> servers. It would also be very convenient for those running Arch on hosting
> services that have pv-grub available.
>
> Until now, I compiled a modified version of the kernel26 package with
> pv_ops/Xern enabled which - in theory - should also run on a real machine.
>
> If all the external modules compile properly (which they probably do), we
> could add these options to our normal stock kernel. I haven't tried running
> it on a real machine though and tpowa said in the past the nvidia module
> failed. This has to be tested.
>
> However, compiling Xen on a 32 bit kernel requires enabling PAE which we
> refused to do in the past for performance reasons (no idea if these are
> valid concerns) and due to the fact that we want to encourage people to run
> 64 bit if they have large amounts of memory.
>
> Assuming all of untested things above work, what would you prefer:
>
> 1) Switch to PAE on the 32 bit kernel, ship Xen domU support with kernel26
> on both architectures.
>
> 2) Ship Xen domU support on the 64 bit kernel, and don't on the 32 bit
> kernel (my favorite so far).
>
> 3) Leave kernel26 unchanged and create a separate kernel26-xen package with
> domU support.
>
> The advantage of 3) is that the Xen kernel could be very slim, as almost all
> hardware drivers could be disabled. The advantage of 1) and 2) is the lower
> maintenance cost.
>
>
> On a different note, I'd like to try to switch over to pv-grub on our
> servers. Right now, upgrading the kernel requires copying the kernel to the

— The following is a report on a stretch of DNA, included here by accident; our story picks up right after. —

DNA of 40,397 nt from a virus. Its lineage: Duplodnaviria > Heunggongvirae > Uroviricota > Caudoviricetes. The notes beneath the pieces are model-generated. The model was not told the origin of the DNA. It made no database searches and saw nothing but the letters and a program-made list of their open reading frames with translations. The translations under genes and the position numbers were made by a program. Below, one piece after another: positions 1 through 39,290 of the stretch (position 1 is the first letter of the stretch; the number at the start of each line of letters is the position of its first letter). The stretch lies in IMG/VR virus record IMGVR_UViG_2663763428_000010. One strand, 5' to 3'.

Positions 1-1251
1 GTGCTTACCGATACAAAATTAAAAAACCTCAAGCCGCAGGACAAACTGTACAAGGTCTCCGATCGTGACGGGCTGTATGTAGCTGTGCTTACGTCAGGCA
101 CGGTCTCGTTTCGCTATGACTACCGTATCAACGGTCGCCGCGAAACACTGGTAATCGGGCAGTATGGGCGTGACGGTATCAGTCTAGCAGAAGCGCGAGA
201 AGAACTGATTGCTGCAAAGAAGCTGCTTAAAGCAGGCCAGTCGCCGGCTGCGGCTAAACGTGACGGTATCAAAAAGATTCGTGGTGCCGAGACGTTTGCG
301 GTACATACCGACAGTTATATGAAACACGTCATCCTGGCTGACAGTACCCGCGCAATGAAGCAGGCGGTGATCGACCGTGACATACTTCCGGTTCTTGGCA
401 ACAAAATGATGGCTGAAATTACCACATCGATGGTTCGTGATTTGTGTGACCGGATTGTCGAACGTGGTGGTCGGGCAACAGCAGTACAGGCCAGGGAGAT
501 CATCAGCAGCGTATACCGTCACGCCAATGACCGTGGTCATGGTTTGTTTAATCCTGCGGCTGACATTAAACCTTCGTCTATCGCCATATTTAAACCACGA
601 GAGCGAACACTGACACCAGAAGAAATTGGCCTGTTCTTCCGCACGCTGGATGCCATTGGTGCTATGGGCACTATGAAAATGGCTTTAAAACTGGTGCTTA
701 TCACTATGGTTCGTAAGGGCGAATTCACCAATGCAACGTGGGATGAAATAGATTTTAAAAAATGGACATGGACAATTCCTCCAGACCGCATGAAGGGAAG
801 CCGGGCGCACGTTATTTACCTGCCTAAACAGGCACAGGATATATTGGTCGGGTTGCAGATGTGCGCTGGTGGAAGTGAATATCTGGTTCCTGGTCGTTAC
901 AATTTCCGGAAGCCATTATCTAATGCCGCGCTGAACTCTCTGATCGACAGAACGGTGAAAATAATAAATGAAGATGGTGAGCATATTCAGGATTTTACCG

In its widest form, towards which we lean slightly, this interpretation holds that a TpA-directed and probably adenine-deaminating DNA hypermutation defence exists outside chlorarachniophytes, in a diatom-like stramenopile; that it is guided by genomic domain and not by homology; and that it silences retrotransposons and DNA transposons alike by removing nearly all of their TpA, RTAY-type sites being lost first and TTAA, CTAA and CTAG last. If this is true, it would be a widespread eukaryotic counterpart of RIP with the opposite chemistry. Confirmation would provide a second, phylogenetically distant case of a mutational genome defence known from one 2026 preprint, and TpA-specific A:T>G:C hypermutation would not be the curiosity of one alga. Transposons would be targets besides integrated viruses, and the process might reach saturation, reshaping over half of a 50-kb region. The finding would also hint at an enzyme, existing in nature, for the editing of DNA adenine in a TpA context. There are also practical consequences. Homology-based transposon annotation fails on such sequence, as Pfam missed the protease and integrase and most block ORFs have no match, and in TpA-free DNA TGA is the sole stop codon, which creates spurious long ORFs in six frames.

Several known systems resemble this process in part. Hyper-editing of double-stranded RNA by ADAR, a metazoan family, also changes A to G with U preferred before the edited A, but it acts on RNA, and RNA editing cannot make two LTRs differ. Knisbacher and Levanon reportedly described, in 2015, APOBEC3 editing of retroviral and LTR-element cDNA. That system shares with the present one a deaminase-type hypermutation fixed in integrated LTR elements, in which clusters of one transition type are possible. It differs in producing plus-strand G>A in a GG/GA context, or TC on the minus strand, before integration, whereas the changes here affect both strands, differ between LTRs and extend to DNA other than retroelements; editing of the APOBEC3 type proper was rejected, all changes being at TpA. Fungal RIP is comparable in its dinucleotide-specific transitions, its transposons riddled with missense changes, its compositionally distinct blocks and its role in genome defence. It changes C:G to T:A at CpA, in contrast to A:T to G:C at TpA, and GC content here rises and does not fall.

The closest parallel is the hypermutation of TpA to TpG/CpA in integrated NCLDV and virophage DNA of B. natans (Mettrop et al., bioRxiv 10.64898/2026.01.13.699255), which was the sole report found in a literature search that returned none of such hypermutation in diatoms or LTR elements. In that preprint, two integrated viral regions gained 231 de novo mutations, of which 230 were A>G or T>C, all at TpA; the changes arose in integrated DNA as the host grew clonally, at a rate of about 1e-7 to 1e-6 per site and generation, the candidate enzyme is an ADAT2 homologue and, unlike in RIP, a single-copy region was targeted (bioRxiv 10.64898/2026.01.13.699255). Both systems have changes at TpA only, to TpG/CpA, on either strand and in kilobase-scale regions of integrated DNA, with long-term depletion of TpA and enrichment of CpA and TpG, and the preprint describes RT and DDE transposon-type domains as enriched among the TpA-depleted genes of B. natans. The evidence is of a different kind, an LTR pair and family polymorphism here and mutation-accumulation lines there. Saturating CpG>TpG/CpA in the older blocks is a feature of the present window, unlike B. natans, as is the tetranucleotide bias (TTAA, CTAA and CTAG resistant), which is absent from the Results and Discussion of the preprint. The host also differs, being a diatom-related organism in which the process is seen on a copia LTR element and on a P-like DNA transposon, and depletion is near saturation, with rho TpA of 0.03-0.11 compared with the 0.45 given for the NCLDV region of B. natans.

> dom0 manually, thus dom0 access is required to do a (potentially security
> relevant) kernel update. With pv-grub, upgrading the kernel and rebooting
> would be handled just like with a normal machine, as the dom0 only loads the
> pv-grub image which then runs inside the domU and can load the right kernel
> from there.
> The pv-grub is only available from Xen 3.3 and later, but we have Xen 3.2 -
> I compiled pv-grub from 3.4 though and guess it should work with the older
> hypervisor as well, but I haven't tested that yet.
>
> Anyway, please post your opinion on the issues above.

I'm -1 on the PAE, leaving options 2 and 3 as viable. 2 is the easiest
for maintenance; 3 sounds like the best solution long term as it would
be a very lightweight and well-suited kernel package.

If not for the maintenance issues, 3 seems by far the best. Is there
anyway we can automate the creation of this package to the point where
it doesn't take much extra effort? e.g. try to share resources with
the primary kernel package.

-Dan
 
Old 10-30-2009, 11:22 PM
Aaron Griffin
 
Default Xen domU kernel - what to do?

On Fri, Oct 30, 2009 at 6:51 PM, Dan McGee <dpmcgee@gmail.com> wrote:
> On Thu, Oct 29, 2009 at 7:59 PM, Thomas Bächler <thomas@archlinux.org> wrote:
>> Okay, it is obvious that we need a kernel which can run on Xen domU for our
>> servers. It would also be very convenient for those running Arch on hosting
>> services that have pv-grub available.